The Effect of Gabapentin on the Sensation and Impact of Tinnitus
This study evaluated the effectiveness of gabapentin in treating tinnitus in two populations: Tinnitus with associated acoustic trauma and tinnitus without associated acoustic trauma. The hypothesis was that gabapentin would decrease both subjective and objective features of tinnitus in the trauma group, but would be less effective in the non-trauma group.`
|Study Design:||Allocation: Non-Randomized
Endpoint Classification: Efficacy Study
Intervention Model: Crossover Assignment
Masking: Single Blind
Primary Purpose: Treatment
|Official Title:||The Effect of Gabapentin on the Sensation and Impact of Tinnitus|
- Psychophysical loudness match of tinnitus to broad band noise and pure tones.
- Subjective evaluation of tinnitus impact using Tinnitus Handicap Questionnaire.
- The subjective and objective measures were obtained after treatment with placebo and 4 doses of gabapentin.
- Quality of Life survey (SF36-QOL)
|Study Start Date:||August 2003|
|Estimated Study Completion Date:||January 2005|
Methods. A prospective, placebo-controlled, single-blind study of the effect of gabapentin on tinnitus was employed. Audiograms and personal histories were used to categorize tinnitus etiology as either secondary to acoustic trauma, or not associated with acoustic trauma. Participants were restricted to those with moderate-to-severe tinnitus for at least one year. All participants received gabapentin in a graduated ascending-descending dose series over 20 weeks (peak dose of 2400 mg/day).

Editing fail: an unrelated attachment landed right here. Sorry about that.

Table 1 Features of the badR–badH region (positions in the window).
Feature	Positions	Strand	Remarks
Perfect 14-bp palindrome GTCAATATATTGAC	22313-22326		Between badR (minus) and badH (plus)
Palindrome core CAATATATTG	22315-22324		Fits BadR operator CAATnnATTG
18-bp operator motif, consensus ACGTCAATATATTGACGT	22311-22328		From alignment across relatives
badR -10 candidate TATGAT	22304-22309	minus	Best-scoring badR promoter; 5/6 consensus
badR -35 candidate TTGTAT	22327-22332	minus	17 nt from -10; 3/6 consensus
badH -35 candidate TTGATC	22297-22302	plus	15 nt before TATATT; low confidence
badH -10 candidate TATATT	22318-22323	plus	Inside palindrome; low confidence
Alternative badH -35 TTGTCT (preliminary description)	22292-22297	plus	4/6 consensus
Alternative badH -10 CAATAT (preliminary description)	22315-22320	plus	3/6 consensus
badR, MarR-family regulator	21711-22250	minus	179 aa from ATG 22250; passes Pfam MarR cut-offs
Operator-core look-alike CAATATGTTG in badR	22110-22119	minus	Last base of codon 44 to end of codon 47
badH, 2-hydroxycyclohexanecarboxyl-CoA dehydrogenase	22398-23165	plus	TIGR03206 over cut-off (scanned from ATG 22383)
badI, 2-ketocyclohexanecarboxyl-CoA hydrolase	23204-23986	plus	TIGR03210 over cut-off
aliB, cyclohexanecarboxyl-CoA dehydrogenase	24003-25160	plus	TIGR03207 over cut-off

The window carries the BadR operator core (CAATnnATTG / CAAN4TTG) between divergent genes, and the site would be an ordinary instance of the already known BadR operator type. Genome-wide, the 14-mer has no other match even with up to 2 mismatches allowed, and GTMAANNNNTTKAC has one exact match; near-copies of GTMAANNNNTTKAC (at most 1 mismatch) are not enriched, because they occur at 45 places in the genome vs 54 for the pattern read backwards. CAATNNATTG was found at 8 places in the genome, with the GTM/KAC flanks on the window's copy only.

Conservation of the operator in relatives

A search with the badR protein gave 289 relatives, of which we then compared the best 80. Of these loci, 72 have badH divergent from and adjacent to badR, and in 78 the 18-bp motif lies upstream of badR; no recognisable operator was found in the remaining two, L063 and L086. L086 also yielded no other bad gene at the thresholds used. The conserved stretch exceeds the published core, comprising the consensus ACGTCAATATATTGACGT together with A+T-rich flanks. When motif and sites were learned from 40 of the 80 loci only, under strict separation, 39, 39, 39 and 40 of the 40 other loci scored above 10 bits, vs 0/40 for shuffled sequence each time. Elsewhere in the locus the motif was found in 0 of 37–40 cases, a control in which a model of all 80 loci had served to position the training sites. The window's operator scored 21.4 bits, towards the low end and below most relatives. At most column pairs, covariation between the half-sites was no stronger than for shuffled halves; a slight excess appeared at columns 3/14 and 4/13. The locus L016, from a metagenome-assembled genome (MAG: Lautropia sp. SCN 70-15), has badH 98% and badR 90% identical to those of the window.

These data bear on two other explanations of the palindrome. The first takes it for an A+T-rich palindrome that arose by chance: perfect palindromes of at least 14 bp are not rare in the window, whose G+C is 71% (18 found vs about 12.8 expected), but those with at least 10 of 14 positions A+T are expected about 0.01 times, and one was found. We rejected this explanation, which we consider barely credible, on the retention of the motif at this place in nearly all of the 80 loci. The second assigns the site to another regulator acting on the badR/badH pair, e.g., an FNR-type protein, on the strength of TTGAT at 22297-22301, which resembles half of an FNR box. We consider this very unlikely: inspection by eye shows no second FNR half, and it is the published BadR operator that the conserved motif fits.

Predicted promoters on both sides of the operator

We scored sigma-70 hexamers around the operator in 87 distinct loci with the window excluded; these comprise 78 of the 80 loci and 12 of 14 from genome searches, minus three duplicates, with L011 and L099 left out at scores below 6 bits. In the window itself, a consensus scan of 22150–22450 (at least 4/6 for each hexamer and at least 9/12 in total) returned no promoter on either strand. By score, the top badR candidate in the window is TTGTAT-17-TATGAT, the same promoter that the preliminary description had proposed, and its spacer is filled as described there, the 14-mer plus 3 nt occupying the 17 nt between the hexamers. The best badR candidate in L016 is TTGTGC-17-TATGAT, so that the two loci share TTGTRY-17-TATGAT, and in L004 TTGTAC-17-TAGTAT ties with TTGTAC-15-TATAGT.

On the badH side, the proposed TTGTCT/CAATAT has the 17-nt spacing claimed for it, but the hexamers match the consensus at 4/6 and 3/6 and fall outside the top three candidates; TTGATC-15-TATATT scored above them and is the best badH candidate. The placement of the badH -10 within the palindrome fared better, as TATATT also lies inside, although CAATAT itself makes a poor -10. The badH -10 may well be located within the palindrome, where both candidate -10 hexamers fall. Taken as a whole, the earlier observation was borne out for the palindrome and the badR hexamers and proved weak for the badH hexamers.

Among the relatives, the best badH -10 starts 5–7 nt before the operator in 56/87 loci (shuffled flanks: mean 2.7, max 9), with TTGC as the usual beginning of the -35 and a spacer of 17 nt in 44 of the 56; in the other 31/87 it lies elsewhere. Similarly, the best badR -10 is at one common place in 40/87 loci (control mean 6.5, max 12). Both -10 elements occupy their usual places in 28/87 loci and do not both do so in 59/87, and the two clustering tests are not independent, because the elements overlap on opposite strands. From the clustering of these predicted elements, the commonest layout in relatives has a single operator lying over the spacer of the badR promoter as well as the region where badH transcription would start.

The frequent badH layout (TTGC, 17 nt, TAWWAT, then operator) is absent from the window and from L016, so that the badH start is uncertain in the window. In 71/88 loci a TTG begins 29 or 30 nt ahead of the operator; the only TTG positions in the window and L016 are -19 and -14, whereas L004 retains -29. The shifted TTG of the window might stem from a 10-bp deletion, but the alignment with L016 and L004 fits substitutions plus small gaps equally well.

Results. There was a significant improvement in tinnitus annoyance for the trauma group (p = 0.05). Other subjective aspects of tinnitus were not significantly affected in either group. Between-subject variability of therapeutic response was considerable. Nevertheless, considering subjective loudness ratings, 4/19 non-trauma participants, and 6/20 trauma participants showed an improvement of 20 percent or better. Considering psychoacoustic loudness estimates, 4/19 non-trauma and 6/20 trauma participants showed a 15 dB (HL) improvement. Evenly dividing each group into high and low responders revealed significant improvement in loudness at 1800 and 2400 mg/day for the trauma high-response subgroup (p = 0.007). No significant improvement was obtained for other subgroups.